Day 2 :
Radiance Hospital, India
Keynote: SILS for sleeve gastrectomy
Time : 10:00-11:00
Apurva Vyas has extensive experience in obesity surgeries and has a record of performing the highest number of laparoscopic surgeries in Gujarat, India. He has performed more single port surgeries (SILS – Single Incision Laparoscopic Surgery) than any other doctor in India. His laparoscopic surgical video papers were awarded the best surgical videos in a conference in Singapore in the year 2010-2011.
This study consists of single incision laparoscopy surgery for bariatric patients. It includes 120 patients with BMI ( 40+-5 kg/m2) . All the patients included were operated for sleeve gastrectomy . It includes single incision over umbilicus through which multiple trocars were used for gastrectomy. During first year, duration of surgery was around 120 minutes . But with experience and synchronisation of both surgeon and asistant gradually duration was around 40 minutes. Postop recovery is comparable with great cosmetic benefit and no postoperative incisional hernia noted in any patients tracked 5 years postoperatively. On the basis of this study SILS is advised for any patient to undergo sleeve gastrectomy and specially in young female patients.
Sheikh Khalifa Medical City, UAE
Keynote: Chubby child ≠ Cute child!
Time : 11:30-12:30
Mohamad Miqdady is the Chief of Ped. GI, Hepatology & Nutrition Division at Sheikh Khalifa Medical City in UAE and an Adjunct Staff at Cleveland Clinic, Ohio USA. He is American Board certified in Pediatric Gastroenterology, Hepatology and Nutrition. He completed his Fellowship in Pediatric Gastroenterology at Baylor College of Medicine and Texas Children’s Hospital in Houston, TX, USA. He held the position of Assistant Professor at Jordan University of Science and Technology in Jordan for six years prior to joining SKMC. Main research interests include feeding difficulties, functional GI disorders, probiotics, picky eating, obesity, procedural sedation, allergic GI disorders and celiac disease. He has authored several publications and book chapters including www.uptodate.com. On the Editorial Board of few journals including Gastroenterology & Hepatology.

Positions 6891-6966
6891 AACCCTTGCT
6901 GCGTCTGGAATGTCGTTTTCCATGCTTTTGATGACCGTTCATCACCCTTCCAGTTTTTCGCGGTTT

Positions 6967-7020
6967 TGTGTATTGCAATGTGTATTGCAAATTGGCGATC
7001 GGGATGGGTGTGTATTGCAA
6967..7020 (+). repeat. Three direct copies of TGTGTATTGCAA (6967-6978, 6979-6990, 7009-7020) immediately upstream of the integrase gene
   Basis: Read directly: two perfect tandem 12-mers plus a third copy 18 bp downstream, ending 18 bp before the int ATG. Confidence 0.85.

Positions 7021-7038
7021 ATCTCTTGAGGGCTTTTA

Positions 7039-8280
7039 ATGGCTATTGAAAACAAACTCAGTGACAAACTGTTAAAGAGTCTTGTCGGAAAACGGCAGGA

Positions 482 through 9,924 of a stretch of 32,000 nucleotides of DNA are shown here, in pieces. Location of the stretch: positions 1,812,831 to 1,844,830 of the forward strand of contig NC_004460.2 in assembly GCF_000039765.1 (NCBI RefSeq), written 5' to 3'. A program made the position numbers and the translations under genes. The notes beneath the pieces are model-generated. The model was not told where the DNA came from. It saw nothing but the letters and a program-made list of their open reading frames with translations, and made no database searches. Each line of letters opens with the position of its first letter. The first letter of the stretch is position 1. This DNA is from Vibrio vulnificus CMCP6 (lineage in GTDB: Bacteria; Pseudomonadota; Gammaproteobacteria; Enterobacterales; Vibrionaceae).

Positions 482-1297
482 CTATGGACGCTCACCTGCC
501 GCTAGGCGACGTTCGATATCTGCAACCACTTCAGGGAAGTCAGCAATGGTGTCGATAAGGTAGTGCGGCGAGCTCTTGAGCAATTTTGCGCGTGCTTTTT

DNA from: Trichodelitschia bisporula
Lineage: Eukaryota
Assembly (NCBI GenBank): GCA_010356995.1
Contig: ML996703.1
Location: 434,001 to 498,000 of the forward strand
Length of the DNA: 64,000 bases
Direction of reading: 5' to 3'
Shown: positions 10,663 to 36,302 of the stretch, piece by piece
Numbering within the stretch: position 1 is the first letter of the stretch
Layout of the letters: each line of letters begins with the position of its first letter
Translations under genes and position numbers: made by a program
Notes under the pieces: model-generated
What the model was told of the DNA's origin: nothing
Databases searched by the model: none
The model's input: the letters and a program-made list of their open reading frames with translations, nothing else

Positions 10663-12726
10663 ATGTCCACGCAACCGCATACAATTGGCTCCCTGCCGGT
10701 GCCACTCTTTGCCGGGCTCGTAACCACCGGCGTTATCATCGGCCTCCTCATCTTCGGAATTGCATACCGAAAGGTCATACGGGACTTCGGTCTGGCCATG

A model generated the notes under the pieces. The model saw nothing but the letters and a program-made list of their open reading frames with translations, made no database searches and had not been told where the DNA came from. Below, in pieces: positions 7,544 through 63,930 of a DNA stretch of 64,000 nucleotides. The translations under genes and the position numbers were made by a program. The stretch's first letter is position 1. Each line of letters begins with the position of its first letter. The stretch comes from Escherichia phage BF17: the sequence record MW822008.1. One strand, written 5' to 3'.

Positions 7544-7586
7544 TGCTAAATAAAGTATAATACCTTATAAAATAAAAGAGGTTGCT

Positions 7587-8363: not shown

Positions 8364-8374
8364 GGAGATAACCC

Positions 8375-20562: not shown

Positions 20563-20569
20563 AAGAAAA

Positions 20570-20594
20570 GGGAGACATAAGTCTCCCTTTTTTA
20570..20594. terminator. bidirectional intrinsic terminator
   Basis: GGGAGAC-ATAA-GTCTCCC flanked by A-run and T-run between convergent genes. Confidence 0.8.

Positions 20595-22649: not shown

Obesity epidemic is a very serious concern for the medical professionals as well as the community. It is estimated that 30-35% of children in US are overweight or obese and probably higher percentages apply in our community. Local data will be presented. Overweight is defined as a BMI of >85% and obesity if BMI>95%. BMI correlates very well with comorbidities. Obesity occurs when there is imbalance between energy intake and energy output. There is a universal trend towards decreasing physical activity and increasing dietary intake among adults and children. Unlike the animal model, most obese humans are leptin resistant rather than deficient. Childhood obesity is clearly associated with adulthood obesity, with the strongest association if obesity occurs at later childhood. Obese children are usually taller with advanced bone age and enter puberty earlier. Comorbidities are many and involve almost all body systems such as (1) CVS- Hypertension, coronary artery disease, pulmonary hypertension corpulmonale, cardiomyopathy and atherosclerosis. (2) Pulmonary- Obstructive sleep apnea and pickwickian syndrome. (3) Gastrointestinal- Gallbladder diseases, nonalcoholic steatohepatitis and reflux. (4) CNS- Stroke and increased intracranial pressure. (5) Orthopedic- Osteoarthritis, slipped capital femoral epiphyses, low back pain and Legg-Calvé-Perthes disease. (6) Psychological- Social stigmatization, depression and lack of self esteem. (7) Endocrine- Early puberty, hyperandrogenism, anovulation, infertility, polycystic ovaries and hypogonadotrophic hypogonadism (8) Malignancy- Increased risk of malignancy- endometrial cancer, prostate cancer, gall bladder cancer, breast cancer, colon cancer (9) Metabolic- Insulin resistance, type II DM, dyslipidemia (cholesterol, TG, LDL, HDL). Although genetic and hormonal causes are rare causes of obesity; they should always be kept in mind. Managing obese individuals is challenging and with limited success. Management should include exercise, diet and behavioral modification. Exercise should be 30-60 minutes 5-7 days a week. Normal or low calorie diets with the appropriate use of the food pyramid are to be used in most individuals. Medications and surgery can be included in certain indications in conjunction with diet and exercise.